New Canadian regulator faces immediate test
A flurry of responses to a proposed change in pipeline capacity allocations has compelled the new authority straight into action
The Canadian energy sector got a new oversight body in late August, with the Canadian Energy Regulator (CER) taking over from the National Energy Board (NEB). But it inherited from its predecessor a controversy that has seen it already plunge into the fray.
Since the end of July, Canadian oil producers both large and small, representing over half the country's production, had filed letters with the NEB, complaining that a move by Canadian midstream firm Enbridge Energy to convert 90pc of capacity on its Mainline crude pipeline system to long-term contracts lasting up to two decades, and leaving only 10pc available for spot shippers, represented an abuse of market power.
The Mainline is Canada's largest and most important oil export system, carrying around 2.85mn bl/d mainly to the U.S. Midwest, and accounting for roughly 70pc of the country's pipeline exports. Enbridge had launched a two-month open season, which was due to finish on 2 October, to gauge interest in the offer of long-term capacity.
Normally, a midstream firm would run the open season first, then submit a request to the regulator for any changes to capacity allocation based on the results of the process. But the CER has announced a fast-track procedure to gather comments, even before the open season has finished.
Several major Canadian oil firms, including Canadian Natural Resource Limited (CNRL) and Suncor Energy, requested the open season be delayed until after the CER approves the terms, conditions and tolls Enbridge may set. The competitive tolling system that governs transportation contracts on the 70-year old Mainline is scheduled to expire on 30 June 2021.
The Mainline crude pipeline system accounts for 70pc of Canada's pipeline exports
Enbridge opened talks with shippers, marketers and refiners in preparation for this deadline, and also in an attempt to address concerns about the present contracting system. Companies regulary request more space than they need on the Mainline on a monthly basis, to try to mitigate the effects of so-called 'apportionment' since western Canadian oil production exceeded the region's available pipeline evacuation capacity in mid-2018.
The NEB concluded in a March report, "Optimising Oil Pipeline and Rail Capacity Out of Western Canada", that chronic over-nomination for Mainline spot capacity was contributing to lower prices for regional producers.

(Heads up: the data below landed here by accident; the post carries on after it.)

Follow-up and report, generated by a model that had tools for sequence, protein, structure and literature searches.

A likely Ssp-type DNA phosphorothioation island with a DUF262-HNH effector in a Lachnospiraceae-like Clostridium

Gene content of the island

Enbridge has decided the switch from common to fixed contract carrier, i.e. from spot to long-term contracts, is the best way to deal with these issues, according to Guy Jarvis, senior vice-president of liquids pipelines. The switch appears to have the support of refiners in the US Midwest, including some Canadian oil producers with assets in the regions such as Cenovus Energy, and marketers.
In contrast, opponents to Enbridge's proposed Mainline changes are openly calling it an abuse of market power. For example, in a 26 August letter to the NEB, Tim McKay, president of Canada's largest oil and gas producer CNRL, said, "Enbridge's proposal is completely inappropriate, and is being made at a time when considerable market power imbalance exists because of the shortage of pipeline capacity leaving the western Canadian sedimentary basin."
Despite the open season's contract negotiations being confidential, fellow producer Suncor, in its 23 August complaint to the NEB, said the terms and conditions "are unfair, unjust and unreasonable". Michael Crothers, president of Shell Canada, in a letter dated the same day, argued that the present lack of pipeline egress from western Canada is effectively forcing shippers to sign up to unfair tolls on a long-term committed basis or risk being left without the ability to ship their oil from the region.
"Enbridge does not agree with the assertions in the letters filed by these parties to the NEB. We have significant support for the open season offering and we look forward to responding as part of the process outlined by the NEB," says Enbridge's Jarvis in response.
The controversy is a baptism by fire for Canada's new regulator. And the outcomes are far from certain, for either the present open season or the principle of a change from common to fixed contract carrier. It may be worth noting, though, that the regulator in Canada's southern neighbor, the US Federal Energy Regulatory Commission, denied Colonial Pipeline's attempted shift from common to contract carrier in 2014 because the company was not actively expanding its system.